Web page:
Feb 5 13 1:27 PM

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  Project Red Umbrella - http://www.projectredumbrella.org/  

NO on Assembly Bill 67


An analysis of 2013 Nevada Sex Trafficking Bill, AB67 reveals failed policy:

1) Too broadly written

If you really care about sex trafficking victims, stop conflating consensual adult sex with child sex slavery.

2) Hidden agenda

If you really want to help victims of sex trafficking, don’t let big government benefit off their victimization.

3) Unintended consequences

If you really want to stop sex trafficking, nothing in this bill will work because it all has unintended consequences that further causes harm to already vulnerable people.

Read Nevada Assembly Bill 67 as proposed here:  http://www.leg.state.nv.us/Session/77th2013/Bills/AB/AB67.pdf

In its current form, Nevada Sex Trafficking Bill AB67 causes more harm than good by defining innocent people as sex traffickers, making certain defenses not available in a prosecution, and providing financial benefit to those outside the affected population. Where are the rights? We need real protection of vulnerable people from human rights abuses, not further abuse under the guise of big government protection.

Page 4, lines 17-20 refer to several state and federal provisions that the bill defines as human trafficking as written with clickable links below:

A victim of human trafficking is a person against whom a violation of any provision of NRS 200.463 to 200.468, inclusive, NRS 201.300 or 201.320 or 18 U.S.C. 1589, 1590 or 1591 has been committed.”

Of particular concern is that NRS 201.300 (Pandering) and 201.320 (Living from earnings of prostitute) contain vague definitions and are redefined as “sex trafficking,” thus carrying harsher penalties and requiring registration as a sex offender. A definitive ruling determining who is covered by the law is not possible based on the standards provided. Does living off the earnings of a prostitute include children and other family members supported by the earnings of a woman working legally in a Nevada brothel?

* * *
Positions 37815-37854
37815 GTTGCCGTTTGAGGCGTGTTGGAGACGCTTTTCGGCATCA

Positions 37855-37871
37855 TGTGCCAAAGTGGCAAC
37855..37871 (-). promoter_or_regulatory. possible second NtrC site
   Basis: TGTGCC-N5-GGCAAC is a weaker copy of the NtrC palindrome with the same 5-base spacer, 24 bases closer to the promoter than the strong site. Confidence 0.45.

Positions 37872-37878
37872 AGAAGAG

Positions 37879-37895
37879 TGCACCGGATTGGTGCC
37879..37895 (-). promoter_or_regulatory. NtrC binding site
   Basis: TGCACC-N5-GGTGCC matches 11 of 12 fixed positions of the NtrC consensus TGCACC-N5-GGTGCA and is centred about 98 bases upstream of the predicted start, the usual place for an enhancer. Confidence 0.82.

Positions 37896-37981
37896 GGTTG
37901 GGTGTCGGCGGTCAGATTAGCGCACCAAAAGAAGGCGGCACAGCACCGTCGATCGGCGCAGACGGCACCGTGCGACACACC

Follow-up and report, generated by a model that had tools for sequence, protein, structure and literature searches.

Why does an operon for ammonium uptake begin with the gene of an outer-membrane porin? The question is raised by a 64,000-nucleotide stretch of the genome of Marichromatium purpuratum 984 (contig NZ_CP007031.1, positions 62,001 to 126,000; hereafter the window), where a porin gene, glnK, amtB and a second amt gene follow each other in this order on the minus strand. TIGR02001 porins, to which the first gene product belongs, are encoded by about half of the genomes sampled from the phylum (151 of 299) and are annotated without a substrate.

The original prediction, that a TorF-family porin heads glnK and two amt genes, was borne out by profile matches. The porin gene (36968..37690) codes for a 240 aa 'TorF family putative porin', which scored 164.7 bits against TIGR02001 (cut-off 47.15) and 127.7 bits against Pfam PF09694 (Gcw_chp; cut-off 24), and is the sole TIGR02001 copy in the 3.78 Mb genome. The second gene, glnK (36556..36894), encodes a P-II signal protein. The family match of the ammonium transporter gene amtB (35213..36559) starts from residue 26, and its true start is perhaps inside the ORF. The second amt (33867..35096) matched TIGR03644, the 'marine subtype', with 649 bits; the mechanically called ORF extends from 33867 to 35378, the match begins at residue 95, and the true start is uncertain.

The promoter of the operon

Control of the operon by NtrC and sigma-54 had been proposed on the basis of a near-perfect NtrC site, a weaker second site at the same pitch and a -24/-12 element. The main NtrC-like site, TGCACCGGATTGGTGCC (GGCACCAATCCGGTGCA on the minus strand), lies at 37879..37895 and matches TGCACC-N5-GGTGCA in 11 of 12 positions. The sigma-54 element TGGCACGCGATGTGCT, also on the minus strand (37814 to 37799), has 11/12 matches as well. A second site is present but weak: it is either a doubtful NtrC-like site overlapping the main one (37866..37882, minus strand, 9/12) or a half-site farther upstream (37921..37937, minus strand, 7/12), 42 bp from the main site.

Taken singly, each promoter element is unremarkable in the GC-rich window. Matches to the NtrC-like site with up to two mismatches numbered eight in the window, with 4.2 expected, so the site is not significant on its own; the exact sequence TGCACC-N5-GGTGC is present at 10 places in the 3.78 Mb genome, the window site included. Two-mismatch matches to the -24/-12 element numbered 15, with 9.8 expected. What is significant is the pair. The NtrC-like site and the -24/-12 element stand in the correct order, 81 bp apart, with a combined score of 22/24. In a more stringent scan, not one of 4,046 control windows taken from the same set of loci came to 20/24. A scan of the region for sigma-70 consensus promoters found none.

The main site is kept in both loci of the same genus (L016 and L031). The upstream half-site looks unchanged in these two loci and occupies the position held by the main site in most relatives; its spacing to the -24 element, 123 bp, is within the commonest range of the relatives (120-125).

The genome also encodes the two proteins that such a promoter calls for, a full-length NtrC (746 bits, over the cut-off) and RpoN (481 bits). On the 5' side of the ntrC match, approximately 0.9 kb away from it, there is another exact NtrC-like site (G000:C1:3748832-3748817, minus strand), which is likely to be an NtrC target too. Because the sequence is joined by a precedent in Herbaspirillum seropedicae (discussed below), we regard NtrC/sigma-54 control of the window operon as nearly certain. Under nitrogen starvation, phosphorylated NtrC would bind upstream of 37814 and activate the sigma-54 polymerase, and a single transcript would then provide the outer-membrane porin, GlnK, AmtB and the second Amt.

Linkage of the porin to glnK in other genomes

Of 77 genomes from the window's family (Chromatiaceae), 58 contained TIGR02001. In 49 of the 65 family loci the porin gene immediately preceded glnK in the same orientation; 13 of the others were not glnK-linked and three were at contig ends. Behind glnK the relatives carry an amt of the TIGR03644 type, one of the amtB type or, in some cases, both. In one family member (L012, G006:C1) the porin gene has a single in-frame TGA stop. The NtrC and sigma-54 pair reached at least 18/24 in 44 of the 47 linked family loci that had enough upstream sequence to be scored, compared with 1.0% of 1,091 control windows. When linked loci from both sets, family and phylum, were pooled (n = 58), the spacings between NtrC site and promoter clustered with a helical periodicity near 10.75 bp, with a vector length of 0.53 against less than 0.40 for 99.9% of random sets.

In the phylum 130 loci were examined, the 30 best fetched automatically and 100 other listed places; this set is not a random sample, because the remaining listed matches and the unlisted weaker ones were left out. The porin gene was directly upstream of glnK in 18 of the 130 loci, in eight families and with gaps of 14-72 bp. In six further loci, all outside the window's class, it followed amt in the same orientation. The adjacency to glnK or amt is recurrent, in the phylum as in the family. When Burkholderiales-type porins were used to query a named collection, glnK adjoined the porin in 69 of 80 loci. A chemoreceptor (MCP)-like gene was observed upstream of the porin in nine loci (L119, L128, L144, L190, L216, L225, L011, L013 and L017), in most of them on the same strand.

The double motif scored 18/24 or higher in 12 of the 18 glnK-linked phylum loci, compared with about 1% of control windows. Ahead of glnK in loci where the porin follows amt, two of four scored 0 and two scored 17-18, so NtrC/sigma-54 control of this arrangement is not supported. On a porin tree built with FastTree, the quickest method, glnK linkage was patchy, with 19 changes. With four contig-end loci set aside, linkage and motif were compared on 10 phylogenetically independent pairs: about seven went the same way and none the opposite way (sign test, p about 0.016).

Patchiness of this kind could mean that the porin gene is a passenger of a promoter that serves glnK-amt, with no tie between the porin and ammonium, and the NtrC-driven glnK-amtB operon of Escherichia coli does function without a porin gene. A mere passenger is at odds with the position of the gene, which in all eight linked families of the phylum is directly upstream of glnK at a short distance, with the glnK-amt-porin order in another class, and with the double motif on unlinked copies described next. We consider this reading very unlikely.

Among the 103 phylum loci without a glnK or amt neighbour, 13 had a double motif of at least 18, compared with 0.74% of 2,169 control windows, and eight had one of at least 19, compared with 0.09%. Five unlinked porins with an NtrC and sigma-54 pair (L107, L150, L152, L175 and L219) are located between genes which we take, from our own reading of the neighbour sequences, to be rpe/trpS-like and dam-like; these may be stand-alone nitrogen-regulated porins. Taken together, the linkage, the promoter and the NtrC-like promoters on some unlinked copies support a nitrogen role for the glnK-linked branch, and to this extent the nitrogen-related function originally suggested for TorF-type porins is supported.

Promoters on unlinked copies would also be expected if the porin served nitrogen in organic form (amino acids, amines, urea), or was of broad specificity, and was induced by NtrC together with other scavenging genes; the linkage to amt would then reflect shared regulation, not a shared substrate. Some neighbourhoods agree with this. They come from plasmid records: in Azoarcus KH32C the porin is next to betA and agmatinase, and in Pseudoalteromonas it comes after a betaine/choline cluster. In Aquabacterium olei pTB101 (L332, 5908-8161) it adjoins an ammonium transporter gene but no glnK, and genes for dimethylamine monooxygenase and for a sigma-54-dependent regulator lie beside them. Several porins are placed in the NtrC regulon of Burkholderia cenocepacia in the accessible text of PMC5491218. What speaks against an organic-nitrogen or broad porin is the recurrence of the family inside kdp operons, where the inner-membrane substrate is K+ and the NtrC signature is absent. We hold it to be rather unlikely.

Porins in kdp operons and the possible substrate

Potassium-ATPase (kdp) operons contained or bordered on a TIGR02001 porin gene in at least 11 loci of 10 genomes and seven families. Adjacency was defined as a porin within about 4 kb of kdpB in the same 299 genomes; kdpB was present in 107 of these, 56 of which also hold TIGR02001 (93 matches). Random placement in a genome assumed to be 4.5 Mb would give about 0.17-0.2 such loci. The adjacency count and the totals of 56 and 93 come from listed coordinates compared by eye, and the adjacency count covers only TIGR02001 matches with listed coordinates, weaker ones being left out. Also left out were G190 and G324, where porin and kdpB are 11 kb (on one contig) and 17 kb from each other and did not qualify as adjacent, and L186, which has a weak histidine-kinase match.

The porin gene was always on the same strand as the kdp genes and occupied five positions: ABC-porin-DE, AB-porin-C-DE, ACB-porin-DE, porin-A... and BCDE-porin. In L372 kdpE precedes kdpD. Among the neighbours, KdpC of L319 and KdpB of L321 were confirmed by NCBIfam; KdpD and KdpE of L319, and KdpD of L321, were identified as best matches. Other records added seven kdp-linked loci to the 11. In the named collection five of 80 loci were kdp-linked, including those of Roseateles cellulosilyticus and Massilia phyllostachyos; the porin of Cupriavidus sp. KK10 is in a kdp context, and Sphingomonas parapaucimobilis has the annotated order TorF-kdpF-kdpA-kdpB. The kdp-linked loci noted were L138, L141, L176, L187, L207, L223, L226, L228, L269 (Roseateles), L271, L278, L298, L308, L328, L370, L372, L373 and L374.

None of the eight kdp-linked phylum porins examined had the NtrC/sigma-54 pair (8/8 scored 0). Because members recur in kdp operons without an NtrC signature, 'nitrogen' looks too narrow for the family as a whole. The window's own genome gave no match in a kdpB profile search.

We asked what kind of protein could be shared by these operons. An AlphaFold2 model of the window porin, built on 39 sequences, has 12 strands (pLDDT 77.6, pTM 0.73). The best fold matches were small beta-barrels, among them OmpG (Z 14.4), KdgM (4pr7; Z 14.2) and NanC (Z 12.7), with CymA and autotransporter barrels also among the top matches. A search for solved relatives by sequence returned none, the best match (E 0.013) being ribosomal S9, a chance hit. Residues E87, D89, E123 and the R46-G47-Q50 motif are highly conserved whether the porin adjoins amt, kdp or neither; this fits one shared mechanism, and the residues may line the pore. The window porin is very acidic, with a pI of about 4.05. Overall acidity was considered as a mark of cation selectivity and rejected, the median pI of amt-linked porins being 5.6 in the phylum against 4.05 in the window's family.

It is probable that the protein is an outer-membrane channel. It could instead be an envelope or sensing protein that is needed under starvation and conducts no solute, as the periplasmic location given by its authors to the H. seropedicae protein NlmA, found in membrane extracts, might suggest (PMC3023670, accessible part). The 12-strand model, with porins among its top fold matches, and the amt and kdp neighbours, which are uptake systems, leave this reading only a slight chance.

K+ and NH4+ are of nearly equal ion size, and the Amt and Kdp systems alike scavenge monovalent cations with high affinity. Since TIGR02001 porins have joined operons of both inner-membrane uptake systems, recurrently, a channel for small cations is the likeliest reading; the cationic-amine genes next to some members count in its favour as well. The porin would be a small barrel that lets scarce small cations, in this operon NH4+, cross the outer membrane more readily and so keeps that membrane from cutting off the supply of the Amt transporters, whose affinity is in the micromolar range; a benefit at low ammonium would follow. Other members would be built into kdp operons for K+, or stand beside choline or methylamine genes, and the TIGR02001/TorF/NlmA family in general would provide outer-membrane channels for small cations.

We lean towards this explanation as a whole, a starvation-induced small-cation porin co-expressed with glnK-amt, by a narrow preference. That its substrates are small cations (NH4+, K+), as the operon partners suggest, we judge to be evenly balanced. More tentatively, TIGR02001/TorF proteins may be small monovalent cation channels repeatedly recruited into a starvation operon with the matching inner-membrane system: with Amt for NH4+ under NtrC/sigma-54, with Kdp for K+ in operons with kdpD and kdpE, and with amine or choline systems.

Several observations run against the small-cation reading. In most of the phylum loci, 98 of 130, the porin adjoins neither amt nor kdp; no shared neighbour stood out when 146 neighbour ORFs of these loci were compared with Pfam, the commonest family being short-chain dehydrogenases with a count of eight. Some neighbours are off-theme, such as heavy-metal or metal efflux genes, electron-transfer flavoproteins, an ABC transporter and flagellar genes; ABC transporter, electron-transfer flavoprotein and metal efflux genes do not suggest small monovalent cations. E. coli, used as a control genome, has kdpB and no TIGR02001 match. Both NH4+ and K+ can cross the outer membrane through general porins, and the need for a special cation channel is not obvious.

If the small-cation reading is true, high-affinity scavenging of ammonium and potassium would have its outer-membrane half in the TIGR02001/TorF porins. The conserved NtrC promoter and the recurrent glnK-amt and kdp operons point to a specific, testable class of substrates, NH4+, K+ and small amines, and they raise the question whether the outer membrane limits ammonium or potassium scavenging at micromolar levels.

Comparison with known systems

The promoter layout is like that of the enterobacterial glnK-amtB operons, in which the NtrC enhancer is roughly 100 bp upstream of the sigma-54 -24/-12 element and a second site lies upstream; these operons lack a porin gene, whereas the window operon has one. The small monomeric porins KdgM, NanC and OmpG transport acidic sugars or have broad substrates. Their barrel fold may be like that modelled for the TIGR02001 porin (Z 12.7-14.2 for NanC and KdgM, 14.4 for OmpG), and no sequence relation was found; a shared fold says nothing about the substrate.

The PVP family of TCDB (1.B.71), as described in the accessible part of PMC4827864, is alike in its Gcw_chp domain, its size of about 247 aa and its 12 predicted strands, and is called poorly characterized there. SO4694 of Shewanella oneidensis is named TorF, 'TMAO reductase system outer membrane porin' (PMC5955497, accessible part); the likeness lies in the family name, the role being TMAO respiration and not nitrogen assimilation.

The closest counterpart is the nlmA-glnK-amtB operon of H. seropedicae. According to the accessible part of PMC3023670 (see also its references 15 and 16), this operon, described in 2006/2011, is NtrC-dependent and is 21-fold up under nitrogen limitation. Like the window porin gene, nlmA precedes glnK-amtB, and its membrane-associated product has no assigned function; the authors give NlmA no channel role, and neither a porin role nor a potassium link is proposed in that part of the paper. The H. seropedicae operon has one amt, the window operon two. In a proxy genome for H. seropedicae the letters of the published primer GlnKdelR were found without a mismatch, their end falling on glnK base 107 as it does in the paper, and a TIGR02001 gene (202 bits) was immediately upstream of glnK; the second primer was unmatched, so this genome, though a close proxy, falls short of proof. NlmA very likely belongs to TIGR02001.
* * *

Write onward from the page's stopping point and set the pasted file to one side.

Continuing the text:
Studies show 4% of abuse of youths in the sex trade happens at the hands of pimps and 30% is at the hands of law enforcement. Why give more power to authorities to deal with exploitation/abuse of which they are the biggest perpetrators? Where are the public ombudsman or strict internal law enforcement reviewers?

Quote from a youth in the sex trade based on research discussed by Anthony Marcus from John Jay College:

“People call you a survivor when you leave the life; I am a survivor while I’m in it.”

FACT:  Most youth do not enter the sex trade due to pimps/traffickers but to survive after running away from an abusive home or being kicked out due to LGBTQ intolerance. Where is the social support?

Contact members of the Nevada Legislative Committee on Judiciary who will be deciding this bill:  https://www.leg.state.nv.us//Session/77th2013/Committees/A_Committees/JUD.cfm

2013 Nevada Guide to Legislative Advocacy (via League of Women Voters of Las Vegas Valley)  http://www.nved.org/guide-to-legislative-advocacy/

Three simple steps to ending sex trafficking:

1) Raise minimum wage/increase sustainable wage jobs

2) More affordable housing

3) Equitable educational opportunities

The major driver of human trafficking is vast economic inequality.

"I would no more be a Master than a slave. It does not conform to my idea of Democracy." Abraham Lincoln 1856.